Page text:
Fear of punishment must be expelled so that love may reign supreme as the Christian life’s animating principle. Since it is love to God that is in view, it is necessarily a reverent love. God is majestic in His holiness, and His acts of redemptive love are awe-inspiring. The only proper response to the crucifixion of the Lord of glory is, “Sometimes it causes me to tremble, tremble, tremble.” Believers tremble at the righteous judgment of God against sin. They are no longer afraid of punishment, but they are sobered by the awesome transaction: Christ died for our sins; God made Him who knew no sin to be sin for us; He bore our sins in His own body on the tree.
When the Scripture tells us to “work out your salvation with fear and trembling” (Philippians 2:12), it does not mean that we are to live lives of nervous apprehension because the completion of our salvation is up to us. The reading of the New American Bible, “work with anxious concern to achieve your salvation,” is as misleading as it is common. The full text of Philippians 2:12-13 is as follows: “Therefore, my dear friends, as you have always obeyed — not only in my presence, but now much more in my absence — continue to work out (katergazesthe) with fear and trembling, for it is God who works in you to will and to act according to his good purpose.”
The verb translated “work out” is the only New Testament instance of katergazomai in the imperative mood. Although it can mean “to effect or achieve” (cf. Romans: 5:3, “tribulation works patience”; 2 Corinthians: 7:10, “godly sorrow works repentance”) or “to finish [off] or conquer” (cf. Ephesians: 6:13, “after you have done everything”), it can also mean “to practice or work at.” The question is, which is the most likely meaning in this context?
We should first mark Paul’s opening note of confidence, “that he who began a good work in you will carry it on to completion until the day of Christ Jesus” (Philippians 1:6). Salvation is the Lord’s doing, and the outcome is not in doubt. Paul now grounds his imperative (katergazesthe) in this primary truth, “for it is God who works in you to will and to act according to his good purpose” (Philippians 2:13). Your salvation is not a goal to be achieved by human effort but a gift bestowed by divine grace. Significantly, the imperative is in the present tense: “Go on putting your salvation into practice, go on actualizing your salvation.” This fits with Paul’s reference to the Philippians’ established pattern of response: “as you have always obeyed.”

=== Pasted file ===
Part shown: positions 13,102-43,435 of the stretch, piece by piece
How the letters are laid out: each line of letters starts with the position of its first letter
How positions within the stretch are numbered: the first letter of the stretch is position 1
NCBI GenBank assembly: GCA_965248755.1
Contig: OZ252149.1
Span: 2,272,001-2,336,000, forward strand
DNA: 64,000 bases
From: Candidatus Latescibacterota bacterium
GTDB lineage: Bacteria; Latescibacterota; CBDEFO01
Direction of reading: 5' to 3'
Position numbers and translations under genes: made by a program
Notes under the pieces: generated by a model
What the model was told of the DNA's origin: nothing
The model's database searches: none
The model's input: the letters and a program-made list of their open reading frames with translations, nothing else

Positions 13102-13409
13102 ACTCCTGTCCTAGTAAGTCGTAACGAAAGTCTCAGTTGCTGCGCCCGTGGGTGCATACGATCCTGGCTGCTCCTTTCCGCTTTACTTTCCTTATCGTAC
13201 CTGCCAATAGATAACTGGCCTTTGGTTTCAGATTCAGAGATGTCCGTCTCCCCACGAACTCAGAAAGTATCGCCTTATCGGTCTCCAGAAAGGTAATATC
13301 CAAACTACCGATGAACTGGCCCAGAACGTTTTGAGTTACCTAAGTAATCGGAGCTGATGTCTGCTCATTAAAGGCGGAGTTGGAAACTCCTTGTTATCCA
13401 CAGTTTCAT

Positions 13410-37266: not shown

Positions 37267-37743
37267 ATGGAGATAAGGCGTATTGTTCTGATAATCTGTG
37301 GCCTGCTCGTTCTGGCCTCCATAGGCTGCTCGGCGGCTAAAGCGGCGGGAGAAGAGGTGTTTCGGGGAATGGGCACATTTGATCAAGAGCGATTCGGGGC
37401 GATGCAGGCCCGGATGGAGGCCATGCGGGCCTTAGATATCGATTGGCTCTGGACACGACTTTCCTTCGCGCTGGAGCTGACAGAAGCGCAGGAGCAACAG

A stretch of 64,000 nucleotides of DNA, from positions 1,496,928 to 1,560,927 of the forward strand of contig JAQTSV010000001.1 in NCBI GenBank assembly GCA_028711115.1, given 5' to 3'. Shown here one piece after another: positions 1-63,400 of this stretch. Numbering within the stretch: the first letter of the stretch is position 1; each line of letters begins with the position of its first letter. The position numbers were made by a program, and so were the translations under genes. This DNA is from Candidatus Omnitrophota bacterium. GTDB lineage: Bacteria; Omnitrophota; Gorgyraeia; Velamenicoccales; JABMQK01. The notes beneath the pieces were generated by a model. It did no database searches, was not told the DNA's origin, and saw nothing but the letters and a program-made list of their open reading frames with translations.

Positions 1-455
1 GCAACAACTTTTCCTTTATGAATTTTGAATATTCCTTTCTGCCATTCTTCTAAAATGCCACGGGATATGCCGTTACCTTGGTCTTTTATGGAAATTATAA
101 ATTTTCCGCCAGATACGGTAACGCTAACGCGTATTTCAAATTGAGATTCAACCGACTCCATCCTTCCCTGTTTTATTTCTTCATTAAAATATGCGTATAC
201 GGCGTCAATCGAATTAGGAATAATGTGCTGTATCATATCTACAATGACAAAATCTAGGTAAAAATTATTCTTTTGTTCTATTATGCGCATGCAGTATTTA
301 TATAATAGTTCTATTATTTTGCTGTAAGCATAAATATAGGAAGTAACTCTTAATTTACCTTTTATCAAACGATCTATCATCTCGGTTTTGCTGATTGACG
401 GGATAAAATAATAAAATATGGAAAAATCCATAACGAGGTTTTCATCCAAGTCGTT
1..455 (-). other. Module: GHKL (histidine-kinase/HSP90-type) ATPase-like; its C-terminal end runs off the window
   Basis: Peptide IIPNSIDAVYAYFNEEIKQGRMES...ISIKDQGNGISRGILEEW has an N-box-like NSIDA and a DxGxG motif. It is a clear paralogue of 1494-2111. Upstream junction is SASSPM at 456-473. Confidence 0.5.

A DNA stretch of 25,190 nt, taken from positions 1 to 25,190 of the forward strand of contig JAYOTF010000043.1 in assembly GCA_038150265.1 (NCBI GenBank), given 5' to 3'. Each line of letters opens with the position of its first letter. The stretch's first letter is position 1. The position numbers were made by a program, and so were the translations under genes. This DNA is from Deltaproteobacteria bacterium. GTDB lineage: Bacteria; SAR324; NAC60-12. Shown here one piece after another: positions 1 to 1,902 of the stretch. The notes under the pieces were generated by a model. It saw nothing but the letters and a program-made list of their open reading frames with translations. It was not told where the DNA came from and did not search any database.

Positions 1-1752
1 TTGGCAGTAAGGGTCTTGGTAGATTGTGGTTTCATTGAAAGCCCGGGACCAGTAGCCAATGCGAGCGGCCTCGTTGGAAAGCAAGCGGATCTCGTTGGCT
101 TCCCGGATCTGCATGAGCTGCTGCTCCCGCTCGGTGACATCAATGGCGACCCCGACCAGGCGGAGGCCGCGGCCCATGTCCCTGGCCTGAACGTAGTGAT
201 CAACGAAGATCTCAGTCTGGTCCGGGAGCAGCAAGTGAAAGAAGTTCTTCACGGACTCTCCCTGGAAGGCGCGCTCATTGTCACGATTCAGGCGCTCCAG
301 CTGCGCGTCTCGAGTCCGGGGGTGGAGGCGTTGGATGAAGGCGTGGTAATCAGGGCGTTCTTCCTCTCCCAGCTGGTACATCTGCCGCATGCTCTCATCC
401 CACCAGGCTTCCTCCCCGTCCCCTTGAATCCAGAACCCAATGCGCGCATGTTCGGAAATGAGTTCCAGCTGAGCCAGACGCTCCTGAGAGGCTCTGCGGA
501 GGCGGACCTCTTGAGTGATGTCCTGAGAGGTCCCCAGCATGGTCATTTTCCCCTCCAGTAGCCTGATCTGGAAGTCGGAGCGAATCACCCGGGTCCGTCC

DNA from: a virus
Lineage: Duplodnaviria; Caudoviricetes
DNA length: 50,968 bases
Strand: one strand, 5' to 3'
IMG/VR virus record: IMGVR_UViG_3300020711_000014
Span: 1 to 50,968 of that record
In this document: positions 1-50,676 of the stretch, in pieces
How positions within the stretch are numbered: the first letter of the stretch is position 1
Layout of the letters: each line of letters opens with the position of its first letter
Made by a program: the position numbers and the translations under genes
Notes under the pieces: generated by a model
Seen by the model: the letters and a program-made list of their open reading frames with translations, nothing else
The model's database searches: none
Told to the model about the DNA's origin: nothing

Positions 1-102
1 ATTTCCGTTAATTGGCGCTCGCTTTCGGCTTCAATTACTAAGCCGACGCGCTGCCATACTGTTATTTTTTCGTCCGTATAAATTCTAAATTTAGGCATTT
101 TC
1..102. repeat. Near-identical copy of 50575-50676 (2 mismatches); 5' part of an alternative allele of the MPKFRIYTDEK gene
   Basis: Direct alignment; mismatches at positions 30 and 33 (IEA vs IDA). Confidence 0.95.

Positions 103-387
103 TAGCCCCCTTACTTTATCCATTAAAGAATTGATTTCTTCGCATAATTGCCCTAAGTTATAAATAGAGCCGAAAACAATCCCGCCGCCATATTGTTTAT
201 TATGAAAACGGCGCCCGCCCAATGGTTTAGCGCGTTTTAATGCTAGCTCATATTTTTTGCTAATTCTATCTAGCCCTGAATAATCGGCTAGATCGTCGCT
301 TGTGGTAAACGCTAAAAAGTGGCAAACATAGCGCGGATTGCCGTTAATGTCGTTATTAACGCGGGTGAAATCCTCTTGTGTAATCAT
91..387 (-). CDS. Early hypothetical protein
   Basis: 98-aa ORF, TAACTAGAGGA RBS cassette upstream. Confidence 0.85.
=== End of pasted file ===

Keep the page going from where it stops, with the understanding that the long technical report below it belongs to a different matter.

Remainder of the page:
We should also recall Paul’s earlier prayer for motivation in the Christian life, “that your love (not fear) may abound more and more in knowledge and depth of insight.” Fear and trembling is a stereotyped expression (it rhymes in Greek — phobou kai tromou) for proper respect (cf. 2 Corinthians 7:15, Ephesians 6:5). Here it refers to the awed reverence that comes from the realization that God (the word order in Greek puts the emphasis here) is the one working in us both to will and to act according to His saving purpose. J.B. Phillips’ translation is right on the mark: Work out the salvation that God has given you with a proper sense of awe and responsibility. For it is God who is at work within you, giving you the will and the power to achieve His purpose.
Punishment versus Discipline
As there is a fundamental difference between the fear of terror and the fear of honor, so is there a fundamental difference between punishment and discipline. The goal of the Christian life is to be like Christ, the image of God. In the transformation process, “God disciplines us for our good, that we may share in his holiness” (Hebrews 12:10). Whereas punishment is the execution of God’s retributive justice, discipline is the expression of His corrective love (Hebrews 12:6; cf. Revelation 3:19, “Those whom I love I rebuke and discipline”). Though the experience of discipline is never pleasant, it is endurable in the knowledge that in the long run it “produces a harvest of righteousness and peace for those who have been trained by it” (Hebrews 12:11).
Affliction thus has an entirely different face depending upon whether it appears as punishment or discipline. It is not too much to say that punishment and discipline are as far apart as God’s wrath and God’s love. Sinners rightly take refuge in Christ to escape the penal consequences of sin, but this is not the continuing motivation of the Christian life other than as a standing warning against apostasy. The message of Hebrews 12:4-11 is not, “If you sin, you will be punished,” but “If you are a son or daughter, you will be disciplined.” Though painful, discipline is welcome as the sign of God’s love. Through it we are led to progressive obedience, not out of fear of the consequences but out of love for Him who first loved us.
David Clyde Jones is professor emeritus of systematic theology and ethics at Covenant Theological Seminary. Jones earned his B.A. at William Jennings Bryan College, his B.D. and Th.M. at Westminster Theological Seminary, and his Th.D. at Concordia Seminary, St. Louis.
This article originally appeared in Covenant magazine, the quarterly magazine of Covenant Theological Seminary. © 2003 Covenant Theological Seminary.